, written by Liszt to show off what only he could do? (performance
) Is it Balakirev's Islamey
, which even Balakirev struggled to play? (performance
) Or Ravel's Gaspard de la Nuit
, written to top Islamey
) Does Godowsky double his points by reconfiguring the already-difficult Chopin for the left hand? (performance
) And if someone plays all four hours of Sorabji's Opus Clavicembalisticum
, written across four staves to fit the extra notes, will anyone listen? (perfomance excerpts
, score excerpts
posted by argybarg
on Jan 6, 2007 -
has bar-by-bar analyses
of major classical works (of composers associated with Austria): audio, annotations, scores, and performance/score animations in various video formats, together with biographical essays on the composers. Some possible points of departure: 1
posted by Wolfdog
on Apr 12, 2006 -
For all the hoo-ha about Callas first bringing real acting to the operatic stage, one has only to view the footage of Risë Stevens legendary 1952 “Carmen” to see what kind of Method she brought to the Met. Stevens was the definitive gypsy wanton, and her performance has it all— fire, ice, and that impossible balance between elegance and sluttiness. Her technique is superb—licking her fingers before extinguishing the candles in what will be her death chamber, then flicking off the wax; flinging her unwanted lover’s ring at him, spitting out a contemptuous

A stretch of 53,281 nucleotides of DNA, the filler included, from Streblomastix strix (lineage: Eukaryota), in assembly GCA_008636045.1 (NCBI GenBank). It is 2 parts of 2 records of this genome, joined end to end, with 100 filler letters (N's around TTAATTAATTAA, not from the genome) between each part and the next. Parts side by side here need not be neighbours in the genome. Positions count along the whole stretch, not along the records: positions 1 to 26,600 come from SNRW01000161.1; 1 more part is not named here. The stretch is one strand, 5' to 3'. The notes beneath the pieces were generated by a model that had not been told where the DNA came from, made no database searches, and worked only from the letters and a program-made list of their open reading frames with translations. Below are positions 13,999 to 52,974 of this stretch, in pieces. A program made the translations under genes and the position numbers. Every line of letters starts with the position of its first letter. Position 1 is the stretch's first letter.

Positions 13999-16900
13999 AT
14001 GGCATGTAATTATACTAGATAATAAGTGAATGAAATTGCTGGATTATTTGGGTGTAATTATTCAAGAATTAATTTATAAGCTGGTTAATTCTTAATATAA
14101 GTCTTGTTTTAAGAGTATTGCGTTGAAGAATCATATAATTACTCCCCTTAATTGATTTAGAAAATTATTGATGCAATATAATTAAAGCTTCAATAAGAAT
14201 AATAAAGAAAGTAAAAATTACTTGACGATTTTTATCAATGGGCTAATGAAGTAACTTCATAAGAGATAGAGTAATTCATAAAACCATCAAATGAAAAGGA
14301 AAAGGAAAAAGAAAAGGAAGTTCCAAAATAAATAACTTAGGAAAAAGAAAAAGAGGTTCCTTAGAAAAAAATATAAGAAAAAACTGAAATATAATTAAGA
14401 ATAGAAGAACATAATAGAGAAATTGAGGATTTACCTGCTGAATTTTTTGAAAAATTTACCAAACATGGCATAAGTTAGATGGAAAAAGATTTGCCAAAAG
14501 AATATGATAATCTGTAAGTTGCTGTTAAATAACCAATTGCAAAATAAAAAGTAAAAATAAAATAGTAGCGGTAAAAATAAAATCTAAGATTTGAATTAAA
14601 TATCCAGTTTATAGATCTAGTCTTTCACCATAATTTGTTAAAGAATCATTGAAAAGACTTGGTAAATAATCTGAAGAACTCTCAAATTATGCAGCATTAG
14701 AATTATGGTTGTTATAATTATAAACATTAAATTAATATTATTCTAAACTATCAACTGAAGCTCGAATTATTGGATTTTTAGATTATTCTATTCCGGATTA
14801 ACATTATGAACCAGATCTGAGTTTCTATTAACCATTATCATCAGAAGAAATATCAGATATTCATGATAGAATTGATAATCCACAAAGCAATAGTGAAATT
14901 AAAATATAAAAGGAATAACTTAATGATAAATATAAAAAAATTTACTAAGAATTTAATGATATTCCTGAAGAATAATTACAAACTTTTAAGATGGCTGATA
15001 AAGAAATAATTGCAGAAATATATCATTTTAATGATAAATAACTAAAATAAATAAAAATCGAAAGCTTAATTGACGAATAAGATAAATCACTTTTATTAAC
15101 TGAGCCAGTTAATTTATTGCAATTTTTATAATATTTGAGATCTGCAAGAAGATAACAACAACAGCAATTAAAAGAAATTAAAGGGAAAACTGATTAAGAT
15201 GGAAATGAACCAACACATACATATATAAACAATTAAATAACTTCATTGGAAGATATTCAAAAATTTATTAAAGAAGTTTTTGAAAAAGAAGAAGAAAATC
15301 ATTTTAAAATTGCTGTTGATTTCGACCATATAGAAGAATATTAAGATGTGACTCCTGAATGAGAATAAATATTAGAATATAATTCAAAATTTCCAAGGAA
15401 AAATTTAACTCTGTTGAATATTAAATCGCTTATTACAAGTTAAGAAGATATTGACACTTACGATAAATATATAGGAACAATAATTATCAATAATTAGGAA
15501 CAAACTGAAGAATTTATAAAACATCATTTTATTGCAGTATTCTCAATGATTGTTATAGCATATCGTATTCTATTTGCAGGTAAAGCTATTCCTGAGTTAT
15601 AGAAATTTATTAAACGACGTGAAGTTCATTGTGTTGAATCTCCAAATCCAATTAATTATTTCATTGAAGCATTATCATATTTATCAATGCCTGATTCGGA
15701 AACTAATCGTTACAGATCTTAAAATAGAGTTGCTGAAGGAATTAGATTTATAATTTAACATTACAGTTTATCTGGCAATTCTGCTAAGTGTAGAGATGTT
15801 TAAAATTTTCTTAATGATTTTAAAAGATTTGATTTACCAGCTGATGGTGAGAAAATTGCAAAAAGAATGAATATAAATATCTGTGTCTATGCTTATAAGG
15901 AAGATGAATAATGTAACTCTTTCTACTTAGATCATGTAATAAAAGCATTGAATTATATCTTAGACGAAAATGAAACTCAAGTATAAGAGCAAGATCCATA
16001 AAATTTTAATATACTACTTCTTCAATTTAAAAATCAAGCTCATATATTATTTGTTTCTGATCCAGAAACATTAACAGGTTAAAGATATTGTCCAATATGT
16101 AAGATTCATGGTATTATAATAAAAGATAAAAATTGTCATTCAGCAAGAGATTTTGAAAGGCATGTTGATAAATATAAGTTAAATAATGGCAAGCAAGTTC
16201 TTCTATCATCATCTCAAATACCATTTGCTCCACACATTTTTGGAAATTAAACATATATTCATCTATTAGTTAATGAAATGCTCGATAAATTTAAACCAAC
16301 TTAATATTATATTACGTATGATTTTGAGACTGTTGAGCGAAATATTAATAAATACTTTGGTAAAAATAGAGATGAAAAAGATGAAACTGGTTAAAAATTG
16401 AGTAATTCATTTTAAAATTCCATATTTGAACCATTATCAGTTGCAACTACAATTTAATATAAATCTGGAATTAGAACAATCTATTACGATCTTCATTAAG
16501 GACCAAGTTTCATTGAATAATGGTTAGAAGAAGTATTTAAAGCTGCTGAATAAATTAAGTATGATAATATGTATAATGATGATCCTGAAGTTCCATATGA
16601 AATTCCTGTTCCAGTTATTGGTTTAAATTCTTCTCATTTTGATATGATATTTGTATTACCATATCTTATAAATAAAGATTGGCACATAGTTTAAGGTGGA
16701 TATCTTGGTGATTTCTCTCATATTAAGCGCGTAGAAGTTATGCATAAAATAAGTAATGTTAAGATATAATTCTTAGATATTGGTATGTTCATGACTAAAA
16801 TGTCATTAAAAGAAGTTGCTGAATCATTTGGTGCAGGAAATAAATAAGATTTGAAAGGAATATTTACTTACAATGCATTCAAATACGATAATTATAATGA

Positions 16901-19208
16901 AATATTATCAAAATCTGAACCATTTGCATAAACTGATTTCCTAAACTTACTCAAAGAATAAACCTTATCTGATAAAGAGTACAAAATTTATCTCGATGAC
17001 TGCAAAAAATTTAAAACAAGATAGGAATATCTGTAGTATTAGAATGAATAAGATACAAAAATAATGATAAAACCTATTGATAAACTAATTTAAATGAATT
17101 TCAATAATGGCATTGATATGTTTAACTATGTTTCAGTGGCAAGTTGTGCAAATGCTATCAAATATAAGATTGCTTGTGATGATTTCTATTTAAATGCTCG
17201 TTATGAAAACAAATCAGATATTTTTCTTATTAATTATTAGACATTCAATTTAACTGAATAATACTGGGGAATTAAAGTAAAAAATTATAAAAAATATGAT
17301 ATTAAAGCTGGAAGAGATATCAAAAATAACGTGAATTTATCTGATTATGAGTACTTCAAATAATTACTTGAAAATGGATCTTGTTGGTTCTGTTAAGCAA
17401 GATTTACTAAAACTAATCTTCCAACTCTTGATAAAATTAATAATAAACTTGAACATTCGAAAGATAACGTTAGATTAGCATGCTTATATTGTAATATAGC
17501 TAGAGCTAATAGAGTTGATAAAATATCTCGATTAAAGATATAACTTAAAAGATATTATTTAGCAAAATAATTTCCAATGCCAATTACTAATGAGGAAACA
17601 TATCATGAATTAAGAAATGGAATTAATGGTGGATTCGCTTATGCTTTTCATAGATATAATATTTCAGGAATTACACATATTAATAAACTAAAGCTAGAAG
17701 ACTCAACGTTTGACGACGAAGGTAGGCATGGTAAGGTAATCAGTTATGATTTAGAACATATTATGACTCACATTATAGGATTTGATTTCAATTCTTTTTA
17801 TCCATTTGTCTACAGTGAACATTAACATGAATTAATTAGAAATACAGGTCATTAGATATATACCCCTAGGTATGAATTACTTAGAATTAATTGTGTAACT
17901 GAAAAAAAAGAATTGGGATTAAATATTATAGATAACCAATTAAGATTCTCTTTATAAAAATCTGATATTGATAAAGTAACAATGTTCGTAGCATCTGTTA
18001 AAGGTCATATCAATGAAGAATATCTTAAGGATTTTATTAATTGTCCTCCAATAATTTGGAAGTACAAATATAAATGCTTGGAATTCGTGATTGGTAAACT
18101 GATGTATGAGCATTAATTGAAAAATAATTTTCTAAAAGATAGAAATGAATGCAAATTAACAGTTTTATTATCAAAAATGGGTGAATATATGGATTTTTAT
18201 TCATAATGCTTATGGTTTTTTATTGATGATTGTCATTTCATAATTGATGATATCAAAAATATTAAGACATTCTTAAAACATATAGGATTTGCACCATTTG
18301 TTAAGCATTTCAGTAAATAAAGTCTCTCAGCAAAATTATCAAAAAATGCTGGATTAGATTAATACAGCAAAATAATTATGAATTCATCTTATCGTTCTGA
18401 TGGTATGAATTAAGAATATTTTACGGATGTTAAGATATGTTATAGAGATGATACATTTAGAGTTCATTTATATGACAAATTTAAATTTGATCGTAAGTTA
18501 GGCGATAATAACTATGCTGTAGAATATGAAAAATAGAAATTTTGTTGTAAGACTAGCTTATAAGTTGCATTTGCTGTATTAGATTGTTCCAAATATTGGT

The Metropolitan Opera Guild honors
the Bronx-born singer
, now 92. More inside.
posted by matteo
on Feb 9, 2006 -
Mozart's musical diary
- kept between 1784 and 1791 - goes online today courtesy of the British Library. There is a helpful audio commentary if you can't decipher his handwriting, plus excerpts from some of his music. The same site also has works by artists and authors such as Jane Austen, Leonardo da Vinci and Lewis Carroll.
posted by greycap
on Jan 12, 2006 -
Perhaps one of the most accessible classical works is Ravel
In a piece
Michael Chorost decribes his journey of getting a cochlear implant since going totally deaf. He wanted to experience Ravel and his magic again. This is a very compelling and very emotional read. (via BoingBoing
posted by wheelieman
on Jan 5, 2006 -
Music is nothing.
Sound could become music.
The end must be in the beginning,
and the beginning in the end.
I am here because I am not here.
Music lives in the eternal now.
Music is the now becoming now.
What I learned
from Sergiu Celibidache
, by Markand Thakar
. More inside.
posted by matteo
on Oct 14, 2005 -
'A novel contained in a single sigh'
On Sept. 15, 1945, Anton Webern
stepped out to smoke a cigar. An American soldier, seeing the glow of the cigar, panicked and shot
Webern three times. Webern, along with Arnold Schoenberg
and Alban Berg
, is credited with -- or blamed
for -- ushering in an era of composition emphasizing strict, mathematical order over all elements of music, a reaction against the suicidal excess
of Romanticism. On the anniversary of his death, BBC Radio 3 hosts Webern Day
, during which Webern's complete works will be broadcast. The total time to perform his 31 works is about three hours. (Links grabbed mostly from ArtsJournal
posted by NemesisVex
on Sep 14, 2005 -